NASA's DART mission is a step towards preparing the world for a potential future asteroid strike like the one which killed dinosaurs some 66 million years ago, the chances of which are very slim in our lifetime, Indian scientists said.
In a first-of-its-kind mission, the Double Asteroid Redirection Test (DART) spacecraft successfully crashed into an asteroid on Tuesday to test whether space rocks that might threaten Earth in the future could be nudged safely out of the way.
DART – the world's first planetary defence technology demonstration -- targeted the asteroid moonlet Dimorphos, a small body just 160 metres in diameter.
"We are surrounded by several asteroids and comets that orbit our Sun. Very few of them are potentially hazardous to Earth. Hence, It is better to prepare our defenses to avoid such asteroids on a collision course with Earth in the future," said Chrisphin Karthick, a scientist at the Indian Institute of Astrophysics (IIA), Bengaluru.
Karthick, who is involved in the DART project, noted that the mission "certainly is a step towards" preparing the world for a potential future event like the one which is believed to have led to the extinction of dinosaurs some 66 million years ago.
"This successful DART mission is an example of that. We now know to precisely aim the spacecraft for such a small body. We can also prepare ourselves for the larger body from the post-impact observations of this DART mission," Karthick said.
Dimorphos orbits a larger 780-metre asteroid called Didymos. Neither asteroid poses a threat to Earth. By comparison, the dinosaur-killing asteroid that hit Earth was about 10 kilometers in diameter.
The DART mission's one-way trip, confirmed NASA, can successfully navigate a spacecraft to intentionally collide with an asteroid to deflect it, a technique known as kinetic impact.
Goutam Chattopadhyay, a senior scientist at NASA's Jet Propulsion Laboratory (JPL) in the US also noted that the mission will help to prepare for a future-threatening asteroid.
"DART is an experimental mission to try out a concept of deflecting an asteroid. The idea is, if we can encounter these asteroids whose trajectory is towards us and we do that at a sufficient distance from the Earth, then a minor deflection will be enough to change the path of the asteroid," he added.
However, scientists noted that most of the asteroids, which are somewhat significant in size and can cause damage on impact with the Earth, have a minuscule chance of hitting the planet.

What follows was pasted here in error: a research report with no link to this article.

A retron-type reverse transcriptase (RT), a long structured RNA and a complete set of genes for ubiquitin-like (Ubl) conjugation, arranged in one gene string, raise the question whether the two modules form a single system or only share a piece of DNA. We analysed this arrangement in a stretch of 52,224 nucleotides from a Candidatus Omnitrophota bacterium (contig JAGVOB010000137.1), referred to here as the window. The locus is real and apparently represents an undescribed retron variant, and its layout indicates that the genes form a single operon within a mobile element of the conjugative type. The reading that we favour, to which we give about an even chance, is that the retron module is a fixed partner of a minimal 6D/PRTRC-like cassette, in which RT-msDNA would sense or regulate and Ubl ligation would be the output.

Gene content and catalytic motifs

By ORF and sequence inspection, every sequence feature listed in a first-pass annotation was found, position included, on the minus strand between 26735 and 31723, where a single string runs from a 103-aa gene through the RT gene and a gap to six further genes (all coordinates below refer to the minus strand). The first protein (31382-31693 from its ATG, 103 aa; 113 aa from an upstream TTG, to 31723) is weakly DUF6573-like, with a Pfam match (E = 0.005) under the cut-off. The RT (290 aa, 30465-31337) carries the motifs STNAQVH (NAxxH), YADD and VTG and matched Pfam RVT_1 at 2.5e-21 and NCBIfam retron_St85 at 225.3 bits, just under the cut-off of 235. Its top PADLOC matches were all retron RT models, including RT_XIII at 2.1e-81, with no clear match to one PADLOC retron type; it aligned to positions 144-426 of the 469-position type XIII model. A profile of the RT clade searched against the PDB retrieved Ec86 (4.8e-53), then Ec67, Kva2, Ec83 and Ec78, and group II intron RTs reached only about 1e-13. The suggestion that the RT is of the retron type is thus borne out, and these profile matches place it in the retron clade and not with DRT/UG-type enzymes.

"However, the probability of that is non-zero and we must always be vigilant. There is always a possibility that a big one might be headed towards us and the question becomes, what would be our approach and how we could mitigate that. That's why these programs are important," Chattopadhyay said.
"At least for the next century, there is no such threat from the known asteroids that can cause mass casualties," said Karthick, adding that this risk assessment is, however, based on the asteroids known to science so far.
Small asteroids are always hitting the Earth all the time but they burn due to the heat generated in the atmosphere. However, for sufficiently large asteroids, that is not the case as the outer core will burn but there will be sufficient mass left to create damage.
The team will now observe Dimorphos using ground-based telescopes to confirm that DART's impact altered the asteroid's orbit around Didymos.
Researchers expect the impact to shorten Dimorphos' orbit by about 1 per cent, or roughly 10 minutes; precisely measuring how much the asteroid was deflected is one of the primary purposes of the full-scale test.
"Post impact, the team will observe Dimorphos using ground-based telescopes to confirm that DART's impact altered the asteroid's orbit around Didymos," Karthick said.
"The expected output of the impact is to shorten Dimorphos' orbit by about 1 per cent, or roughly 10 minutes. One of the primary goals is to measure the deflection of the asteroid's orbit," he added.
However, Chattopadhyay said whether the mission has been able to deflect the orbit of the asteroid will be known only once all the data has been collected.
"I would emphasise that our calculations and small-scale lab experiments show that it might work well,". he added
NASA has a multi prong approach to monitor Near Earth Asteroids (NEAs). The space agency initiated observations program in 1998. Most discoveries are supported by ground-based telescopic surveys,
"We primarily use radars and lidars for this. Mostly they are ground-based systems. However, our existing satellites in space are also used to image and track these objects," the scientist added.
Lidar is a method for determining distance by targeting an object or a surface with a laser and measuring the time for the reflected light.
"The DART mission is humanity's first attempt to alter the trajectory of an asteroid by crashing a human made object into it. Today's successful impact is a big step forward in that direction.
"However, to know the eventual success of this concept, we have to wait a few more years by when any significant change in the trajectory would be clearly apparent," said Dibyendu Nandi, space scientist at Indian Institutes of Science Education and Research, Kolkata.
(With PTI inputs)